Normalized Cash Flow is first a banker’s term. They use it when they they are assessing the capacity of a firm to service debt.
More importantly, they have been using it for hundreds of years since it is the single best way to bring together all the financial rewards of owning a business.
The reason bankers use Normalized Cash Flow is to discover the continuing cash flow available to service debt regardless of the ownership structure of a firm.
Normalized cash flow times their bank’s current lending multiple lets the banker tell the lender how much he can borrow.
A single practitioner, a sole proprietorship, a private company, a big multi-national all have different tax rules to live by so different needs in presenting earnings numbers. But all can be easily compared with each other by a banker after he normalizes the cash flow.
Buyers and sellers want the same numbers.
Why? If you think about it, bankers are the only ‘numbers’ people who stick their neck out. Accountants, lawyers, brokers, etc give opinions. Only a banker has ‘skin in the game’.
If a banker lends more money than prudent, then his neck is on the line. But if he doesn’t loan enough, then his customer will bank elsewhere.
Banker’s have had several centuries of modern commerce to learn what works and what doesn’t. Like Goldilocks, they know what’s ‘just right’.
That’s why from Wall Street to a suburban Alberta office suite, the wise listen to the banker’s numbers even when they don’t like them.
Banker’s numbers also work for business buyers and sellers as the common denominator to show the rewards of ownership for any type of corporate structure.
NCF strips away the artifacts introduced by the organization of the firm, the tax situation of the ownership (and the rewards of ownership) plus other variables that stem from sources other than the firm’s operations. (On US websites, you will often see a very similar number called Seller’s Discretionary Cash Flow.)
This is why experienced business brokers use NCF as the best way anyone has yet come up with to compare the rewards of ownership regardless of the type of business or the way it is set up.
It’s much like a handicap for golfers or total points for a hockey player.
Brokers use the same normalized cash flow number as the banker but with a different multiple as a guide when pricing a business.
And Buyers will often use normalized cash flow numbers as the base for a pro-forma to speculate how the numbers would differ if they were running the firm.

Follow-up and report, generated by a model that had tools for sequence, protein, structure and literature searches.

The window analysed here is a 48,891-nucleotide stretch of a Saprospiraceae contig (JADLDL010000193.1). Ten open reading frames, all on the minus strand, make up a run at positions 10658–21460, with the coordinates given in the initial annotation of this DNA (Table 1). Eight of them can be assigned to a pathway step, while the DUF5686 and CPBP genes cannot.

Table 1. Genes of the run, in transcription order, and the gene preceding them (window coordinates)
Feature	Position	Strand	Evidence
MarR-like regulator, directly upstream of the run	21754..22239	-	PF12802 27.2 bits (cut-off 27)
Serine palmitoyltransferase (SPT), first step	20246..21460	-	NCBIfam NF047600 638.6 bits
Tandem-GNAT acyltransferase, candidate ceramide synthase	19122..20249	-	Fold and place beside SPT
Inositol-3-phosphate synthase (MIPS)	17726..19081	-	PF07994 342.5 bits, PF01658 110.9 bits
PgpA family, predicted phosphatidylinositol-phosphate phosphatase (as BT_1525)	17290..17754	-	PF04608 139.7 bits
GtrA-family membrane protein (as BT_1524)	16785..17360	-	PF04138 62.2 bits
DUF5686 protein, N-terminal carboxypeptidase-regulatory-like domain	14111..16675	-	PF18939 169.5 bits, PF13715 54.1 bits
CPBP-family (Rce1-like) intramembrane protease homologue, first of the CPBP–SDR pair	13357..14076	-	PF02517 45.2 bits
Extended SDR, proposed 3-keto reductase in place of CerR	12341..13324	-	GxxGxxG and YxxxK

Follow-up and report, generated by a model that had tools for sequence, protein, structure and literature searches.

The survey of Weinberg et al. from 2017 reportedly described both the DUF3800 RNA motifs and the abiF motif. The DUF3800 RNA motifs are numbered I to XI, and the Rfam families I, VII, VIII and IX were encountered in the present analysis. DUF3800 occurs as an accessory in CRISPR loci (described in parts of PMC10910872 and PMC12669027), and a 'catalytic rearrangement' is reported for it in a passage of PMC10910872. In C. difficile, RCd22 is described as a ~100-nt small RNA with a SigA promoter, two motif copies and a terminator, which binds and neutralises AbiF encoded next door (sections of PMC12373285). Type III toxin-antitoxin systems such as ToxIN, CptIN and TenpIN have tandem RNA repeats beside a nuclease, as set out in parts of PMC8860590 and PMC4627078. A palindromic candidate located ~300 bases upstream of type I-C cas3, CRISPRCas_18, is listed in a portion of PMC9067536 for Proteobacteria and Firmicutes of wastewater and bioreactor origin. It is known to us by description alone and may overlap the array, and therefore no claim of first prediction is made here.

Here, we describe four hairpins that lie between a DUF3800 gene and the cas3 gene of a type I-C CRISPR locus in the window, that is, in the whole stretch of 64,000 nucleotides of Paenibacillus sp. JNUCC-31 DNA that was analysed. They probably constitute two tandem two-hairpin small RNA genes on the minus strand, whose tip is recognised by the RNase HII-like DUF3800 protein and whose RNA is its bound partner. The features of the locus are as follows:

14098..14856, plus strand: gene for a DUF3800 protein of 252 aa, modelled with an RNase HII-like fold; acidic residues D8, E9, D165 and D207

NCF is always based on actual historical numbers. When there is a change ownership, differing circumstances may change the future finances of the firm. But those changes will be reflected in a pro-forma numbers, not in the normalized cash flow numbers, until they become historical.
The process to discover normalized cash flow is simple. Start with the earnings statement from the firm’s outside tax accountant or their completed and submitted tax form.
Think of net earnings as the entry showing the dollar amount to be shared between ownership and the tax man.
A banker or broker will take that number and add back certain expenses. This means normalized cash flow should always be the same or higher than net earnings.
The expenses that are added back are limited to:
Owner benefits (wages, golf course membership etc). This removes the differences to net earnings caused, as a common example, one owner taking a salary while another owner lives off dividends.
Ownership expenses (interest, charitable donations etc). This removes the differences in the accountant’s net earnings caused by the personal financial circumstances of the owners. We just want to see numbers based on the historical operations of the firm.
Extra-ordinary expenses or one-off’s (moving to a new location, hiring a lawyer to sue a bad debt). This removes expenses that are not expected to repeat.
Non-cash items (amortization or depreciation). This removes expenses charged to net earnings that were not real cash disbursements in the period covered. (They are a tax recovery of ‘sunk money’ reflecting cash that was spent in the past but not expensed. This is usually because of tax rules insisting that certain types of cash outflows be treated as capital expenditures instead of expenses that can be written off in the current year).
Once we have a normalized cash flow number buyers can use it to compare and assess the values of different firms or to build a Pro Forma to plan future operations.
Caution: Sometimes you will see EBITDA used. EBITDA implies professional management so the owner’s benefits are not added back.
Professional management brings greater comfort since it will be continuing under the new ownership. And greater comfort merits a higher multiple.
So sometimes you see the rewards of owner operated firms expressed as EBITDA and priced at the higher EBITDA multiple.
Run if you come across this. Either the seller does not understand the term or worse, does knows it brings a higher multiple and hopes you don’t know the difference.
But in either case, your leg is being pulled.